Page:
The Fukushima nuclear disaster, for example, has affected attitudes toward nuclear power, not only in Japan but also in other countries, such Germany and Switzerland, he told an audience. This has ramifications for efforts to reduce greenhouse-gas emissions, as nuclear energy is considered a low-carbon energy source. And there are geopolitical consequences as well. If Japan turns away from nuclear power and begins to import natural gas, this will put them in competition with other nations, such as China.
"This event really did change the future, and it changed the future significantly enough that it took away some of our options," O'Rourke told LiveScience.
Climate change is expected to aggravate the dangers from certain types of events by, for example, raising sea levels.
Rethinking the future
Fox and her husband purchased their home five years ago, after moving from Brooklyn. Only half a block from Jamaica Bay and two-and-a-half blocks from the Atlantic Ocean, the house also gave them the chance to live in close proximity to nature, in a community within the National Park Service's Gateway National Recreation Area.
"We thought about the risks and never in my wildest dreams would I have considered a storm of this magnitude and the impacts that it had on us," she said.
But afterward, moving was never an option. The family is now focused on rebuilding and helping their neighbors do the same. Her husband, Tom Fox, has received funding on behalf of residents on their block for an environmentally friendly demonstration project called Rebuilding Breezy Green. [Save the Planet? 10 Bizarre Solutions]
The Foxes bought their home intending to retire there; she is 53 and he is 65. But after Hurricane Sandy, they saw how the older residents of the community had to rely on family members or volunteers to rebuild for them, the Foxes realized they may not be able to stay in the home they love as they age.
"We just imagined if one of us were living alone and had the burden of cleaning up and rebuilding. That might be too much to bear in our elderly years," she said. "It's emotionally difficult to think about that."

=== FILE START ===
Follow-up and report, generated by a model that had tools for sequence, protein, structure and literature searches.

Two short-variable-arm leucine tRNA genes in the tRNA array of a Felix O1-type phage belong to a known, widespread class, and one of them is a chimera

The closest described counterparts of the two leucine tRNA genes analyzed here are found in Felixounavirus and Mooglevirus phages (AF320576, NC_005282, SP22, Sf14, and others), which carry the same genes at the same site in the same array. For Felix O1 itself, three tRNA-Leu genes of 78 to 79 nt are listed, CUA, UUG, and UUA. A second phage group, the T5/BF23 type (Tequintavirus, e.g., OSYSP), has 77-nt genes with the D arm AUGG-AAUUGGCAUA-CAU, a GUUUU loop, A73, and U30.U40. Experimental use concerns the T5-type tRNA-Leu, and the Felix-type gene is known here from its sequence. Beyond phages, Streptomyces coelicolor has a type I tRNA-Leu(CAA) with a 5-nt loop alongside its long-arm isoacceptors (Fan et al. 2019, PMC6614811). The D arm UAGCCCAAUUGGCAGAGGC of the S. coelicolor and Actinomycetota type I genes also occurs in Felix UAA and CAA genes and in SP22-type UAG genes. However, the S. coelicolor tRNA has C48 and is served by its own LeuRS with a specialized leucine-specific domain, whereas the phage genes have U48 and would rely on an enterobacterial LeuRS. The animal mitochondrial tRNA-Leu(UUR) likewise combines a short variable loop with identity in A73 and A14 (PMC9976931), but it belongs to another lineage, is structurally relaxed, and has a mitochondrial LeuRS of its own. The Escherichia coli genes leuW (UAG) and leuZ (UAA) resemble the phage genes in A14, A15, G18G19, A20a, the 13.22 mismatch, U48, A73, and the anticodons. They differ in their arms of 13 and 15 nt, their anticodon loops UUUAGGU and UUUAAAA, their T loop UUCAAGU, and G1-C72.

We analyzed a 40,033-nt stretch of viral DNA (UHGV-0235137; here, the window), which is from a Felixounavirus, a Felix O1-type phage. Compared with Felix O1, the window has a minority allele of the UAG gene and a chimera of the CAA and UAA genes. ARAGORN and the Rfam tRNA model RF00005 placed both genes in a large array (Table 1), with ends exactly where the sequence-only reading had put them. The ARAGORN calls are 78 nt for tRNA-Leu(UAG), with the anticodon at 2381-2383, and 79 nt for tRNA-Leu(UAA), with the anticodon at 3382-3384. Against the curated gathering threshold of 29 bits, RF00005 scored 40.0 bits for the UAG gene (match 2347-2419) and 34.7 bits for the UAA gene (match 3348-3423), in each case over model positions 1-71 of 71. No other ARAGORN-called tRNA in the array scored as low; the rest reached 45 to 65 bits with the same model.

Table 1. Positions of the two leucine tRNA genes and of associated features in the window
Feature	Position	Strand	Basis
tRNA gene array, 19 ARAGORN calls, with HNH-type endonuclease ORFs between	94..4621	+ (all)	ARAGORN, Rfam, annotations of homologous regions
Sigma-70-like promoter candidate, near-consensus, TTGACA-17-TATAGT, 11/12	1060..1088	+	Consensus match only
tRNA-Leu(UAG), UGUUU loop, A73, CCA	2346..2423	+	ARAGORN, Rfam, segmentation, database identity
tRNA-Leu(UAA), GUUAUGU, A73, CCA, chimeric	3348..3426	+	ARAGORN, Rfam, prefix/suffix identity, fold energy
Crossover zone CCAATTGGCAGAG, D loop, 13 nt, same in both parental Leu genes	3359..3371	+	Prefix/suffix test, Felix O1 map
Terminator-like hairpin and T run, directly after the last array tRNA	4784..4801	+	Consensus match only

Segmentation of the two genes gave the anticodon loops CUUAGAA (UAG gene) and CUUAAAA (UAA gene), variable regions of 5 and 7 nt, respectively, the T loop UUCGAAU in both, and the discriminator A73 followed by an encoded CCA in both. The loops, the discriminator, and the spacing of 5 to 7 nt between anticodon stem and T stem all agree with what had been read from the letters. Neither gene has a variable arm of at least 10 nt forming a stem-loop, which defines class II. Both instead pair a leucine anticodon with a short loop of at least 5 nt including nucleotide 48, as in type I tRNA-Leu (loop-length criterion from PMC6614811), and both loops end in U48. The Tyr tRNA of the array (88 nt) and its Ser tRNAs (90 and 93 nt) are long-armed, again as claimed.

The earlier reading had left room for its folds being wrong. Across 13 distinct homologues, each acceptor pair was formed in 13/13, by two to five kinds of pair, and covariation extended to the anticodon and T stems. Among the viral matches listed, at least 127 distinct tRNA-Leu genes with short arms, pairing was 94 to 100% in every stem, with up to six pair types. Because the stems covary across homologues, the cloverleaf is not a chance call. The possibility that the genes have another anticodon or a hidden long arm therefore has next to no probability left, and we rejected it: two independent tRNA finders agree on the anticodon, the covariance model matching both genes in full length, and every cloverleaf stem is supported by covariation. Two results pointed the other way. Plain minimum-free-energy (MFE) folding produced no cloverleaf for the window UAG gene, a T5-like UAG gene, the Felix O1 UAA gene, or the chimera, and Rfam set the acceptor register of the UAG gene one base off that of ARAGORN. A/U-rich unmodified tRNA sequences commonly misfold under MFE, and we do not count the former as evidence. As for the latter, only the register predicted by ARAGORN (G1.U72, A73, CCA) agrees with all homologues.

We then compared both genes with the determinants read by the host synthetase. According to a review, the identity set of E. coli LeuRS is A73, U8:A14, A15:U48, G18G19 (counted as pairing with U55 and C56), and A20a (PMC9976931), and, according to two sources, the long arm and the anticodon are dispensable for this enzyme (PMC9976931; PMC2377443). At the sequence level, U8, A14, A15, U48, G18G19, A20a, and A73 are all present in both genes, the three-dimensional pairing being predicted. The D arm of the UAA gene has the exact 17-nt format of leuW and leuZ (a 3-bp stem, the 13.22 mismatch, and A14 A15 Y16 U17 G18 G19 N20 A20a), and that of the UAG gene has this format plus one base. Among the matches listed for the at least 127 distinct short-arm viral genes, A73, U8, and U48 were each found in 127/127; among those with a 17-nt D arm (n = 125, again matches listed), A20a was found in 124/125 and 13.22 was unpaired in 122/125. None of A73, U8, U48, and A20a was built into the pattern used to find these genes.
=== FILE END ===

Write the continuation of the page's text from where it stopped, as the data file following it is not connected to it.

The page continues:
Fox, who works for Cornell University's Cooperative Extension program, attended O'Rourke's talk last week, which was hosted by the Structural Engineers Association of New York and by the New York-Northeast Chapter of the Earthquake Engineering Research Institute.
After detailing the dynamics that turned extreme natural events into disasters, O'Rourke offered some solutions.
It is impossible to upgrade everything at once, so local communities must prioritize, and assess which infrastructure is critical, or as O'Rourke put it, "too big to fail." Then, designs must be made to address possible, not just probable scenarios, by asking questions, such as, "If the water comes over the sea wall, what do we do?" he said.
Important upgrades, such as replacing old pipes with more resilient high-density polyethylene, become much more realistic when done piecemeal over time.
To make all of this possible, leaders must be engaged, engineers and planners must talk with one another, and communities must tap into private money to make these very expensive changes happen, he said.
Fox said O'Rourke's presentation gave her the opportunity to step outside her personal experience and to think about the disaster in a bigger context.
"I would hope we would all learn and not Band-Aid our problems and our weak links," Fox said, adding that instead, communities should use an event like Sandy as an opportunity to better prepare for the future.